Tuesday, March 22

Why Limit Yourself?

Every product has a tag line. The one I heard the other day made me stop and think. Why limit yourself? Asks the CEO of a ginormous wireless company. Why indeed, limit yourself?

Why limit your television, internet viewing, or exposure to media?

Why limit yourself to only one potato chip, candy bar or slice of pizza?

Why limit yourself to buying only what you can afford?

Why limit yourself to only on sexual partner? And why limit yourself to marriage?

Why limit your ambition, dreams and potential income?

Why limit your free time by spending it on tedious disciplines like Bible reading, prayer and fasting? Seriously, fasting? Who even does that any more?

If you’ve watched television, listened to the radio, read a magazine, or been to the grocery store recently, you might have heard a similar message. Indulgence in whatever our hearts desire is the message we see everywhere we go. From beautiful things to food to newer, bigger, faster and stronger things, we are encouraged to pursue fulfillment through MORE.

But God says different.

“Whoever wants to be my disciple must deny themselves and take up their cross and follow me.” Mark 8:34

Do you not know that in a race all the runners run, but only one gets the prize? Run in such a way as to get the prize. Everyone who competes in the games goes into strict training. They do it to get a crown that will not last, but we do it to get a crown that will last forever.
1 Corinthians 9:24-25

“I have the right to do anything,” you say—but not everything is beneficial. “I have the right to do anything”—but not everything is constructive.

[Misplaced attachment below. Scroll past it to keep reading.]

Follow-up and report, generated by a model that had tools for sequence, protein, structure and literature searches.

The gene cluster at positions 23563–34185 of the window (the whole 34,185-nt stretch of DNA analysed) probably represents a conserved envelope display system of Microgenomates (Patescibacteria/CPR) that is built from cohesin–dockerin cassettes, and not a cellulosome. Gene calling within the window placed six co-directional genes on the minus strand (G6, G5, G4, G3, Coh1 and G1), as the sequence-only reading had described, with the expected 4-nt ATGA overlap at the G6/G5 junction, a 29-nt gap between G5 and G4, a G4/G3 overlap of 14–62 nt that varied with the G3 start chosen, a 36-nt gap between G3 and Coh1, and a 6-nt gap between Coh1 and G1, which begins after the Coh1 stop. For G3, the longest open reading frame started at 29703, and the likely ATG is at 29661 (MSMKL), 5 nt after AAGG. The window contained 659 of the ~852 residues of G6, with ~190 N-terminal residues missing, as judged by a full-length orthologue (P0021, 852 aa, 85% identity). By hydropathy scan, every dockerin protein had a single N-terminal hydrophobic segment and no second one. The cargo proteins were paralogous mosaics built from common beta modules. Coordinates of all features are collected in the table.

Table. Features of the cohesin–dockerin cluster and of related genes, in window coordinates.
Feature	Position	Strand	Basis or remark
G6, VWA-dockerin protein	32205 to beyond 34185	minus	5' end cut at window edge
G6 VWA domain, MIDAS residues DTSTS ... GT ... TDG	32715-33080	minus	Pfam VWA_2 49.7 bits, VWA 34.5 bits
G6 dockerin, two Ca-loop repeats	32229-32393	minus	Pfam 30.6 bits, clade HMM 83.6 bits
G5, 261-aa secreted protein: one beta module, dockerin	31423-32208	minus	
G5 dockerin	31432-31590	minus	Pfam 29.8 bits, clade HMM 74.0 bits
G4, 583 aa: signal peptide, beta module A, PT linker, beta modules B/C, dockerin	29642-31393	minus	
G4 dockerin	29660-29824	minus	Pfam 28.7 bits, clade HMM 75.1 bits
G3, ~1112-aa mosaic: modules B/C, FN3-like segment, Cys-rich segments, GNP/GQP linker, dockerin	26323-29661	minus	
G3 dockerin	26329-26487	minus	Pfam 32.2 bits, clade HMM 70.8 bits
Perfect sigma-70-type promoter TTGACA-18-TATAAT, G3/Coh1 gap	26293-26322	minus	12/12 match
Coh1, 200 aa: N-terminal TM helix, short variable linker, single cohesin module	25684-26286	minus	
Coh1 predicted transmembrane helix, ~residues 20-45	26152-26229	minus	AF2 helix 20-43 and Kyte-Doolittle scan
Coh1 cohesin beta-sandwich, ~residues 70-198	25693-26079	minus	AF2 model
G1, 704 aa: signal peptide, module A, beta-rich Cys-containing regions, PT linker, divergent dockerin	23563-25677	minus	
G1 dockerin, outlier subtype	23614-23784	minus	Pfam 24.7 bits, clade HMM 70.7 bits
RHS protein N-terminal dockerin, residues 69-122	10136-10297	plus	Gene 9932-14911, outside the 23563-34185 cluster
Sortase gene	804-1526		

1 Corinthians 10:23

Like a city whose walls are broken through is a person who lacks self-control.
Proverbs 25:28

For the grace of God has appeared that offers salvation to all people. It teaches us to say “No” 
to ungodliness and worldly passions, and to live self-controlled, 
upright and godly lives in this present age. Titus 2:11-12

When my son learned to crawl, a whole new world opened up for him. And a whole new word entered both of our vocabularies. No. At times, I wondered if I would ever be able to tell him yes. No, you may not pull on the electrical cord. No, you may not eat dirt from the house plant. No, no, no, no.

I eventually found a solution—the playpen. My recently mobile pre-toddler was not thrilled about the prospect at first. I set him in there the first time with a few of his favorite toys—all baby friendly—and he shrieked at me for a good twenty minutes.

Nobody likes limits. We’re born resisting them, I think. My youngest didn’t even like being held, he resisted limits so much.

The next day, I tried the playpen again. This time, he played with his toys for a full minute before the shrieking began. Progress. Everyday I stuck him in there. I hung over the side and helped him learn how his toys worked. I read him stories, I gave him snacks, and every day, he did a little better. He figured out that even though the pen kept him confined, it was also a small world full of YES. Yes you can play with that toy. Yes, you may eat that cracker. Yes, you may jump up and down and look at yourself in the mirror!

I think God does the same thing with us. It seems like we hear Him say NO more often than not because we are learning the limits. Once we accept His parameters, it frees Him up to tell us YES whenever possible.

We don’t have to accept his boundaries. He gave us free will so we could choose to accept or reject His authority. (An option I don’t allow my son). But since it’s up to us, with His help, we must learn the boundaries and learn the disciplines necessary to maintain them.

We learn through practice. Just like my son’s confinement fits gradually ebbed through time and consistency, ours will too. If we set small, attainable goals in Bible reading and prayer, we will gradually get into good habits.

Why limit yourself? It’s good practice! No matter how hard we try we will always be limited by something. Time, space or money will inevitably hold us back. We can rage about it or accept that, as people created out of solid matter, limits are good for us. They build character.

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